As James Bovard noted earlier in The Wall Street Journal, the Obama administration has helped millionaires collect food stamps. As he pointed out, the Obama administration has encouraged states to abolish asset tests for food stamps, leaving even unemployed millionaires able to qualify: “Millionaires are now legally entitled to collect food stamps as long as they have little or no monthly income. Thirty-five states have abolished asset tests for most food-stamp recipients. These and similar ‘paperwork reduction’ reforms advocated by the United States Department of Agriculture (USDA) are turning the food-stamp program into a magnet for abuses and absurdities.”

Even the mostly liberal readers of Andrew Sullivan’s Daily Dish blog are now catching on to the fact that food stamps cover far more than the cost of buying inexpensive healthy and nutritious foods — something I pointed out at length earlier, noting that I have traditionally spent less on food than food stamp recipients do. (The ideology of his blog is illustrated by an item Sullivan recently wrote entitled, “Why Are Obama’s Critics So Dumb?”) As one reader noted, he spent more money on food while on food stamps than he did before becoming unemployed and going on food stamps:
As a family of four (me, wife, two kids) we got around $550 for food per month (~$140/person per month). This was far more than we were spending before we ended up on food stamps and more than we budget for food now that I am employed again. We bought milk, not soda, and meat, not canned food, and we had enough to build up some food storage as well. The idea that there just isn’t enough money from food stamps and people are forced into making poor food choices is flat wrong in my experience. I can see if a family insists on eating prepared food every day for every meal, or regularly uses EBT to buy take-and-bake pizza, they may run into some problems due to the convenience premium that is priced into those products. But it is well within a food stamp budget to buy healthy ingredients and make your own food.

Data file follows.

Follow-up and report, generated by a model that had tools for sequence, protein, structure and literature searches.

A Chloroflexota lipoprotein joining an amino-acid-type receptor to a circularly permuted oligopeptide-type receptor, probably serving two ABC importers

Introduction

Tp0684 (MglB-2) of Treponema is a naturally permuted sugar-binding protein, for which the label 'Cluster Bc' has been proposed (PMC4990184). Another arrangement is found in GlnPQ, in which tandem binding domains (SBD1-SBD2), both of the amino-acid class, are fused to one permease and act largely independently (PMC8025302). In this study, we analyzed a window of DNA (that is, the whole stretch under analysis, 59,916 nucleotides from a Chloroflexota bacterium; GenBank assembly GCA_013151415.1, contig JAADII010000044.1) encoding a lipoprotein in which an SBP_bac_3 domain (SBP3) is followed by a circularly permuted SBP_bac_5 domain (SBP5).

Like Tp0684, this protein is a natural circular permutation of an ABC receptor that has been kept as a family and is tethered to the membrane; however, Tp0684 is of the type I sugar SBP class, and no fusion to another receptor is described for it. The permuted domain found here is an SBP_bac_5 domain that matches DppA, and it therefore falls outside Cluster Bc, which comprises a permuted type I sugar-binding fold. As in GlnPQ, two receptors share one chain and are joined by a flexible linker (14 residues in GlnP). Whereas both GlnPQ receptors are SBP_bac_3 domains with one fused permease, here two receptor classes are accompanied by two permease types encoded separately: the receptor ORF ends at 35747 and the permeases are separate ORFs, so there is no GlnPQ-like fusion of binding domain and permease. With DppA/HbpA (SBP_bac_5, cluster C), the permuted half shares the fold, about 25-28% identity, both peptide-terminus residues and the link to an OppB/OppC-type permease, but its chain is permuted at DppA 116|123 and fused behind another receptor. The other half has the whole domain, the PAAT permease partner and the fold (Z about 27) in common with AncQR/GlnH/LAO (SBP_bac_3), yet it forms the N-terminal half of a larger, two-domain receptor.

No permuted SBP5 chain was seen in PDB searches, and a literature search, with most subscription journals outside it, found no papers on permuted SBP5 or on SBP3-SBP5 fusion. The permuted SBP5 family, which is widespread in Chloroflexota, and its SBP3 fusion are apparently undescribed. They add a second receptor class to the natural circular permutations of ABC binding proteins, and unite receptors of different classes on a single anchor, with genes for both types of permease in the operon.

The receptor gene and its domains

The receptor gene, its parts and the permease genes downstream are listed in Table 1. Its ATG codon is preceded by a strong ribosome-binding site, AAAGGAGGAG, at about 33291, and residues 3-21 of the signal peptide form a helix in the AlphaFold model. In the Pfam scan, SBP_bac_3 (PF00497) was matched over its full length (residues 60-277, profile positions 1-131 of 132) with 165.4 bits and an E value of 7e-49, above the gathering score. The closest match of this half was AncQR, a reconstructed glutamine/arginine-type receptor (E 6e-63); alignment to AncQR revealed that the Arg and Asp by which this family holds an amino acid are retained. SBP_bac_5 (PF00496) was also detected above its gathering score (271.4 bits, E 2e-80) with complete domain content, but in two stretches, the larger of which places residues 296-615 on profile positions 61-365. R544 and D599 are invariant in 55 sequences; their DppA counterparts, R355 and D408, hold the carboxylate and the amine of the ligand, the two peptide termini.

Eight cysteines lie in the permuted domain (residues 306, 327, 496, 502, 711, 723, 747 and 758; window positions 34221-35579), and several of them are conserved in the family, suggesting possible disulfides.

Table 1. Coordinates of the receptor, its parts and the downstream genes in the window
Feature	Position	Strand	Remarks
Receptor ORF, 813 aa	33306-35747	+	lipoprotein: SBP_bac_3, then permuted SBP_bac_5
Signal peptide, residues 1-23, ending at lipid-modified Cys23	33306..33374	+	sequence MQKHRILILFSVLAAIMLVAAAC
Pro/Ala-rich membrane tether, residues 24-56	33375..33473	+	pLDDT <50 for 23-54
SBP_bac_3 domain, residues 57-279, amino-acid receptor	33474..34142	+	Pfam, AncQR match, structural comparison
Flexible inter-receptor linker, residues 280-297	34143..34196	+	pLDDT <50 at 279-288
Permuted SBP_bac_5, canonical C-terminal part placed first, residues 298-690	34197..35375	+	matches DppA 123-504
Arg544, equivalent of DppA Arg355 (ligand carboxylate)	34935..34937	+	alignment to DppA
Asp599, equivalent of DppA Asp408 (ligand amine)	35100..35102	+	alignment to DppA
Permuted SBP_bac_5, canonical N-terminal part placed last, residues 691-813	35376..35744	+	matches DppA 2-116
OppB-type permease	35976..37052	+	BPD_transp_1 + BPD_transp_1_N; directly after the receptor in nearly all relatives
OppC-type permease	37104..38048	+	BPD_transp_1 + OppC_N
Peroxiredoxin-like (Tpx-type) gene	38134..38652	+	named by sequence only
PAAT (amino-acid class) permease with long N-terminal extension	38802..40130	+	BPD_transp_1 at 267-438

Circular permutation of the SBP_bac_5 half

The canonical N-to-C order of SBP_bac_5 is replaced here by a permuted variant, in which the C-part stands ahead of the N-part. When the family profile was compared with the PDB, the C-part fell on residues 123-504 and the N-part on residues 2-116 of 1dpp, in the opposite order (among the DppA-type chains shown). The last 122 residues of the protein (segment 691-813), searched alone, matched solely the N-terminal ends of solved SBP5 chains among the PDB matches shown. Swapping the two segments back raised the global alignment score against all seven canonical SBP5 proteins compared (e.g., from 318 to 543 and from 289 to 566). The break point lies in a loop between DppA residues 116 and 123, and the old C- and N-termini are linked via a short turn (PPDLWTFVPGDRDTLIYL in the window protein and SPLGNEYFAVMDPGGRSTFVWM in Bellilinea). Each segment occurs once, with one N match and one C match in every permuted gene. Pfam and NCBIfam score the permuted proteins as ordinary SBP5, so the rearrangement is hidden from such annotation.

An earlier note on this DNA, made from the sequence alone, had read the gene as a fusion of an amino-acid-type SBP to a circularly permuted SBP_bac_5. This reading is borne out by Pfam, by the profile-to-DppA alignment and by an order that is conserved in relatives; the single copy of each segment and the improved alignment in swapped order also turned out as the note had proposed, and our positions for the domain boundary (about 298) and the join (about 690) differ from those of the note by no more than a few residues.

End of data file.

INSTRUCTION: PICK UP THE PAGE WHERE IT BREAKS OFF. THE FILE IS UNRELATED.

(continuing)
As another reader noted,
Here in good old Oregon, where one in five citizens is on food stamps, we almost have the opposite problem: people using food stamps to purchase gourmet, organic, fair-trade, eco-friendly food. I’ve seen people purchase $20/pound wild caught fresh salmon and not blink an eye at the thought of using their EBT card.

There are now a record 47 million people on food stamps. To collect generous federal subsidies that reward states for increasing the number of people on food stamps, some states are deliberately qualifying for food stamps millions of people who are not poor, but who are lucky enough to receive small amounts of state housing, heating, or other subsidies designed to qualify them for federal food stamp entitlements. The Obama administration is busy cracking down on states that attempt to reduce food stamp fraud, as James Bovard noted earlier in The Wall Street Journal. Food stamp fraud costs America billions of dollars. This is remarkable, since eligibility requirements are so easy to satisfy that no fraud is even needed for many undeserving people to collect food stamps.

The Obama administration’s $800 billion stimulus package also largely repealed the 1996 welfare-reform law, as Slate’s Mickey Kaus and the Heritage Foundation have noted, making it easier for many people to go on welfare.



The destructive web of government welfare

A hypothetical single mother of two lives in Virginia and brings home $20,000 a year after the government takes out Social Security and other state and federal deductions. However, because of her low income she is able to collect Earned Income Tax Credit (EITC), food stamps, Medicaid/SCHIP and Section 8 housing.

In another scenario a recent college graduate is fortunate enough to find a job and makes a starting salary of $39,900.

Who makes more money — the single mother or the recent college graduate?

If you guessed the single mom, you’re right. With her income less taxes plus subsidies, she brings home just about $40,000, according to economist Clifford Thies.